They race to Allen’s Creek because they knew were several big laydowns were in that creek. With time escaping, they immediately went to work, boating another three keepers worming the crankbait through big deep laydowns. The crazy thing is they tried several crankbaits but the bass literally would only bite one bait, a Fat Free Shad Deep Diver in Citrus Sparkle. So after Vaal catches his fish he cuts the bait off and gives it to Schultz. Schultz gets one keeper and then it was time to go to weigh-in. If they had figured it out earlier who knows what they could have caught


So that night they were nauseous thinking about whether they could catch a keeper before the 1 pm check-in time. The first two days, the bass didn’t bite for them until after 12:30 or 1 pm.

The race to Allen’s Creek again on the final day and Vaal goes to work again with the “lucky” crankbait. Before 9:45 he has three solid keepers and cuts his bait off and gives it to Schultz. Then Vaal picks up the net, goes to the back of the boat and sits down.

“In these FLW College Fishing events, each angler can weigh three bass,” Schultz said. “When Dustin caught his last keeper he gave me the lucky bait because it’s smarter to catch another keeper that might weigh 3 to 5 pounds than try to cull up a few ounces or even a pound.

“I fished hard for that last two and half hours, and I could not get a sniff. I don’t know if Dustin was doing something just a little different than me, but it was as nerve racking as anything I’ve ever done. “

The team came to the stage with Vaal’s three keepers and it was more than enough to blow the field away by more than 7 pounds.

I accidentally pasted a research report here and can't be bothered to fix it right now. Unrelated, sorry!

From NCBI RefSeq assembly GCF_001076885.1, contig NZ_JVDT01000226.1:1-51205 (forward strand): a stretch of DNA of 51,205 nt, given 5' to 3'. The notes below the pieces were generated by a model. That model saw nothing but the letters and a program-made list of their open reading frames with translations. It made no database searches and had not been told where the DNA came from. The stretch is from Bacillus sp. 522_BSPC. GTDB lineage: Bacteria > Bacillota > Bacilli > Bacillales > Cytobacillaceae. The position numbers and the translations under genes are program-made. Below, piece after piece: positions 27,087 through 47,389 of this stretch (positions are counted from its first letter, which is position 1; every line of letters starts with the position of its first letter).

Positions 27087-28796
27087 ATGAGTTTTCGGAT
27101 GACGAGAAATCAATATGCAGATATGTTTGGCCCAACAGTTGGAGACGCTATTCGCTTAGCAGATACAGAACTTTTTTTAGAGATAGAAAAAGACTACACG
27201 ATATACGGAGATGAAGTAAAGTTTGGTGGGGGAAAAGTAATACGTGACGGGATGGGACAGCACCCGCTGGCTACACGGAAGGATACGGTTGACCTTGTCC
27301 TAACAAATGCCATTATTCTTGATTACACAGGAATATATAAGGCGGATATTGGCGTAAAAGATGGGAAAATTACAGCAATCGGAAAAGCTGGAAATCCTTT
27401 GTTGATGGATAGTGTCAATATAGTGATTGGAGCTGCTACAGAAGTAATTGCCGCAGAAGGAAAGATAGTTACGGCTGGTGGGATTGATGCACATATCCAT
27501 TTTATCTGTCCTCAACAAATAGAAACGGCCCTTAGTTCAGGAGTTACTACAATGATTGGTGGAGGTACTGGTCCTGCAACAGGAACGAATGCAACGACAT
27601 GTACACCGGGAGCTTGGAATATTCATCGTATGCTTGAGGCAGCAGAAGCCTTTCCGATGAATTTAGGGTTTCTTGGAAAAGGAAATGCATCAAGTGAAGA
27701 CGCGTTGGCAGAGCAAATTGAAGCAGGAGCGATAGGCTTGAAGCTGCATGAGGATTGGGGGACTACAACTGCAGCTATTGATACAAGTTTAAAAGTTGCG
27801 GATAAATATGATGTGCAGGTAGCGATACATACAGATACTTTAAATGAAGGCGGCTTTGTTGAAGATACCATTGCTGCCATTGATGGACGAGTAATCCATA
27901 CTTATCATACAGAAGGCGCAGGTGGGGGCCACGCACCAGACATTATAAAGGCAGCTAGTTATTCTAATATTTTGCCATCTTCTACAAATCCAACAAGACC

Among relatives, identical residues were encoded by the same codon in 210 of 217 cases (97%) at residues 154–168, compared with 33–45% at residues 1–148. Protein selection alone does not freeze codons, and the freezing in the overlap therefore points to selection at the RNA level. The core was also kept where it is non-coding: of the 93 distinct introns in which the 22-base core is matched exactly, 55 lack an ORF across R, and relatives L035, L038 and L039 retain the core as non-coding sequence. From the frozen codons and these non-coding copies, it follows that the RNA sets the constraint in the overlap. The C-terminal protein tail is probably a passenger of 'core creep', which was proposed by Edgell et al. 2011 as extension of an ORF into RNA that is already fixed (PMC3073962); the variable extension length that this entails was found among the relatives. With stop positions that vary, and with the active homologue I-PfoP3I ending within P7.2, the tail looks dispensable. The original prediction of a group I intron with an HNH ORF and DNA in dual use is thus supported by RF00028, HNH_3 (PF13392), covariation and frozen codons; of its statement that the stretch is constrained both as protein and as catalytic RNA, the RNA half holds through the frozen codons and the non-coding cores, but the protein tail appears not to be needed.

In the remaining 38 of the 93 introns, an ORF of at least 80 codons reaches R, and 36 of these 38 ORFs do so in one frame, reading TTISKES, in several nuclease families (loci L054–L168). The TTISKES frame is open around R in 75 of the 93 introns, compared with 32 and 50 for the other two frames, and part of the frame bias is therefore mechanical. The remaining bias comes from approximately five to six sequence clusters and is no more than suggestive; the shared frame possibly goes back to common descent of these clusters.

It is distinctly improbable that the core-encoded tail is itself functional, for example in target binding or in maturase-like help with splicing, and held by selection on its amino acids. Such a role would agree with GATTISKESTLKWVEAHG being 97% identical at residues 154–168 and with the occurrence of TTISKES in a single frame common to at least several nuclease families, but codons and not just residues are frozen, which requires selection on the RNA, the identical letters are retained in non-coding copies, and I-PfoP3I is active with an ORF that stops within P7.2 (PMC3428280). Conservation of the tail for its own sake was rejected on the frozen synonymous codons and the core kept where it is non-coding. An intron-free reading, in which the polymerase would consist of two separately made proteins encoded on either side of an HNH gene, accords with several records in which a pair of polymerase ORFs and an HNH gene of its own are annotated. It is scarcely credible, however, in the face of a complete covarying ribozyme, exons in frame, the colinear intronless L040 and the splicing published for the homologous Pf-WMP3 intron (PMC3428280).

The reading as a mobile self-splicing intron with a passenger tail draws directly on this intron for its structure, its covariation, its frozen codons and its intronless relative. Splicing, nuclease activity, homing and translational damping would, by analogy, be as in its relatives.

“The pattern that we were on is one that takes a power style of fishing and throws a little finesse in with it,” Vaal said. “We were throwing big Bomber Fat Free Shad crankbaits in trees that went from 3-15 feet of water. The trick was fishing it extremely slow through every branch on the tree.  It was almost like jig fishing.  The best thing about it was they would smash it just like a jig. 

In fact, Vaal and Schultz fished the baits perpendicular to the trees with the boat in 15 feet of water. They would crank the bait down and then when it made contact they would raise their rod tip up and pull it through the tree trying to get to every branch. The fish would bite most of the time as the crankbait cleared the last branch.

The nerves they must have felt had to be overwhelming. Not only is that a tough way to fish a deep diving crankbait, but they only had one bait that was producing between the two of them. If it gets hung in a tree at 15 feet, it was over for them.

“I’ve never fished a crankbait so slow like that before, but it works,” Schultz said. “Dustin really didn’t want to give up this pattern because he’s such a good angler on this lake and now everyone will be doing this. That Fat Free’s lip crawled over the branches every time.”

“This tournament was a wonderful experience because we were catching hawgs when it mattered and we got to share that experience with our family and friends,” Vaal said. “I would like to say thanks to everyone who supports us and GO HOOSIERS!”